The Middle East has been at the forefront of the smartphone revolution, but a home-grown app market that addresses the specific needs of local customers has been slow to emerge.
If local firms are to build successful mobile apps then they simply must start listening to their users.
According to analysis company VisionMobile, mobile apps will account for 33% of the global app economy (worth $143bn) by the end of 2016, with developers falling over themselves to meet demand. The Middle East is no exception to this trend.
The desire to capitalise on the opportunity to get closer to customers, as well as exploit the potential of apps as business and productivity tools, is one of the main market drivers, as is the emphasis regional governments are placing on the roll-out of mobile services.
Playing it safe
To date, Middle East users have stuck with a handful of tried and tested international brands, and businesses have been cautious about investing in domestic resources, preferring instead to outsource, to lower costs and contain the risk of creating a new product. However, there are signs of a new wave of native app development emerging.
“The Middle East tended to look to more mature markets to develop on their behalf, but we are witnessing an app developer ecosystem starting to take root,” said Stacy Holland, vice-president, digital experience with UAE telecoms provider Du.
“Local firms are now bringing these skills in-house and at Du, we have already spent a long period of investment, setting up a dedicated user experience team of experts from the Middle East and North Africa, Europe and Asia,” she added.
Serjios EL-Hage, CEO at app and mobility specialist EMW Middle East, agreed. “Although some businesses are a little behind in understanding how apps can help create opportunities, the region has quickly reacted and many companies have developed, or are in the process of developing, local apps, and not just for the business as a whole, but also specific business lines,” said EL-Hage.
“Increased customer engagement and the ability to localise the message will help continue the growth in demand for native apps in the region,” he added.
Khalil Shadid, founder of ReserveOut, which has launched an app specifically for the restaurant and dining sector, said most businesses still had no direct mobile presence, but this was changing as smartphone penetration rates rocket, particularly in the UAE and Saudi Arabia.
Some industry watchers see Gulf Cooperating Council (GCC) governments as the strongest market influence in the Middle East.
According to Holland, in the UAE, government emphasis on innovation and the drive to make Dubai the “smartest city in the world” have given local app development a boost, particularly in the public sector.
Vimal Sethi, managing director at IT consultancy Synechron Middle East, agreed: “The move towards smart government has had a huge influence on the growth of the home-grown app market.”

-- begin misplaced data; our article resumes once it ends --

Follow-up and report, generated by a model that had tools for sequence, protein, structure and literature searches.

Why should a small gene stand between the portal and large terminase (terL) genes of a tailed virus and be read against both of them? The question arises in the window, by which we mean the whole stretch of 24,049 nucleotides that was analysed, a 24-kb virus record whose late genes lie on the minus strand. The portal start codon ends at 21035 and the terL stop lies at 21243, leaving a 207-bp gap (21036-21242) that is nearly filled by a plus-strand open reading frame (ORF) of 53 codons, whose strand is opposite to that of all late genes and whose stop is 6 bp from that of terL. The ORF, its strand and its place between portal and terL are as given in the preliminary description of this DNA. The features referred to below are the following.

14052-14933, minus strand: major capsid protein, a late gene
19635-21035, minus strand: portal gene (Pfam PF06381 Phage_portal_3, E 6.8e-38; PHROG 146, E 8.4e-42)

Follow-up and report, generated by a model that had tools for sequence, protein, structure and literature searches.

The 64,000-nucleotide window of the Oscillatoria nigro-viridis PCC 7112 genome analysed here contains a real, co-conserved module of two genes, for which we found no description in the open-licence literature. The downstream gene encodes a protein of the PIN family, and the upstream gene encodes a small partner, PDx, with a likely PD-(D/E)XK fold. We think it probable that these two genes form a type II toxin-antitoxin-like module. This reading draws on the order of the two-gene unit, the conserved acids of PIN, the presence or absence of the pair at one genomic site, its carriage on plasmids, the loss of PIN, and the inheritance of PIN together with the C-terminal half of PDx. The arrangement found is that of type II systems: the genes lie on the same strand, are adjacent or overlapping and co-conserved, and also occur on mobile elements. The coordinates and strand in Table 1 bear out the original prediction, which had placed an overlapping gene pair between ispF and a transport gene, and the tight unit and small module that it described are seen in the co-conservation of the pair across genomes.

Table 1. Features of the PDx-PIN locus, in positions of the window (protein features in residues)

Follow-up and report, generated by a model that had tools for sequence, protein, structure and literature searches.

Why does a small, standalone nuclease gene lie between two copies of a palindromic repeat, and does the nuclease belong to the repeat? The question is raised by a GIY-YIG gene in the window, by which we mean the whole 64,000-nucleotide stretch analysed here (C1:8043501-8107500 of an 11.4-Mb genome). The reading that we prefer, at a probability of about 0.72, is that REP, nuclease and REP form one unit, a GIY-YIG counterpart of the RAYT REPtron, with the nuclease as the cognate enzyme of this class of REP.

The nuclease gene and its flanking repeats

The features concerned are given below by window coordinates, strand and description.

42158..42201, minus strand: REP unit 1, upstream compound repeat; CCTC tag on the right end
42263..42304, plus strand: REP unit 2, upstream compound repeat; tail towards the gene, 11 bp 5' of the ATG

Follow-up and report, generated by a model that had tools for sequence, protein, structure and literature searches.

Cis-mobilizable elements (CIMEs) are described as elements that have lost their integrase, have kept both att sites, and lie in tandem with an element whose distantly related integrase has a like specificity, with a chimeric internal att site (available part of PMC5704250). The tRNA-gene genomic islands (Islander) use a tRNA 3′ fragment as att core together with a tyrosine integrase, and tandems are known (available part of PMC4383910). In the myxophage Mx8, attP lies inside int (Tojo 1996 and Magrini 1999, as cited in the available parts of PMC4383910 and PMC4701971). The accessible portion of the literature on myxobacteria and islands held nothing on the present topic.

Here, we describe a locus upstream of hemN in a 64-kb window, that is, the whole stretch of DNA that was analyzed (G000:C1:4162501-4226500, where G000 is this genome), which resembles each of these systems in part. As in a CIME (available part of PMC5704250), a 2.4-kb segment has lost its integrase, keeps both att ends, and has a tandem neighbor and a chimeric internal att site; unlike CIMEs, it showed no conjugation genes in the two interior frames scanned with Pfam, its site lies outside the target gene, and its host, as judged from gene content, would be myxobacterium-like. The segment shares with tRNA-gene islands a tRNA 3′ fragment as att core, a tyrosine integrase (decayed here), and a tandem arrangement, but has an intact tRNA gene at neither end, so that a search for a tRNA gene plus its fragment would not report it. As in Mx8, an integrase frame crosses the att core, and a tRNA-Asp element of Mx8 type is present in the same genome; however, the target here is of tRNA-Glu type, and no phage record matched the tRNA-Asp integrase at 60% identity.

Sethi said consumers in the Middle East have been using apps as tools to access news, social networks and shop online. However, he added that as governments focus on increased mobility in providing services to citizens, the market for locally developed business apps is on the rise.
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The move towards smart government has had a huge influence on the growth of the mobile app market,” added Sethi. “The GCC states are driving the efforts to provide government services on mobile devices, as the region moves towards smart government. Smart initiatives are being rolled out across GCC states, covering government services such as public utilities, police, customs, transport and municipalities.”
“This has encouraged a mobility drive within corporates, and all this paved the way for increased demand for locally developed business apps in the region, a trend that is set to continue.”
“Copy and paste” development
However, Omar Kassim, CEO at online electronics marketplace JadoPado, warned that while the native app market is slowly beginning to take shape, there has been an “unfortunate culture” of “copy and paste” development, with relatively little thought given to regional needs or nuances. “The ‘agency’ approach to app development has created a quality gap,” he said.
But, he said, the issue is beginning to be addressed by businesses, by hiring their own internal teams that will spend longer on product development to ensure a higher quality outcome.
In a world where business users feel empowered and entitled to make their own choices about mobile devices and apps, this is a major challenge for app developers.
Ali Hyder, group CEO of Focus Softnet, said the market has also moved from a generic “do everything” approach to app development into a more specific need-based phase.
If corporates are struggling with their app development strategy, it might be cold comfort to know that most mobile projects fail to meet early expectations in terms of timeline, user adoption or return on investment.
An IBM survey of developers and development managers recently revealed that only a third meet the criteria for success, although the challenges are not overwhelming.
Sethi said native and cross-platform development skills are essential if app developers are to succeed in the Middle East. “The integration of mobile apps with legacy systems has been a big challenge for enterprises, and is also a key skill for a [development] partner to have,” he said.
“A diverse understanding of existing systems, and the way they can be integrated with mobile, is a key factor. Apart from this, an understanding of mobile enterprise application platforms (Meaps) is an added advantage,” he added.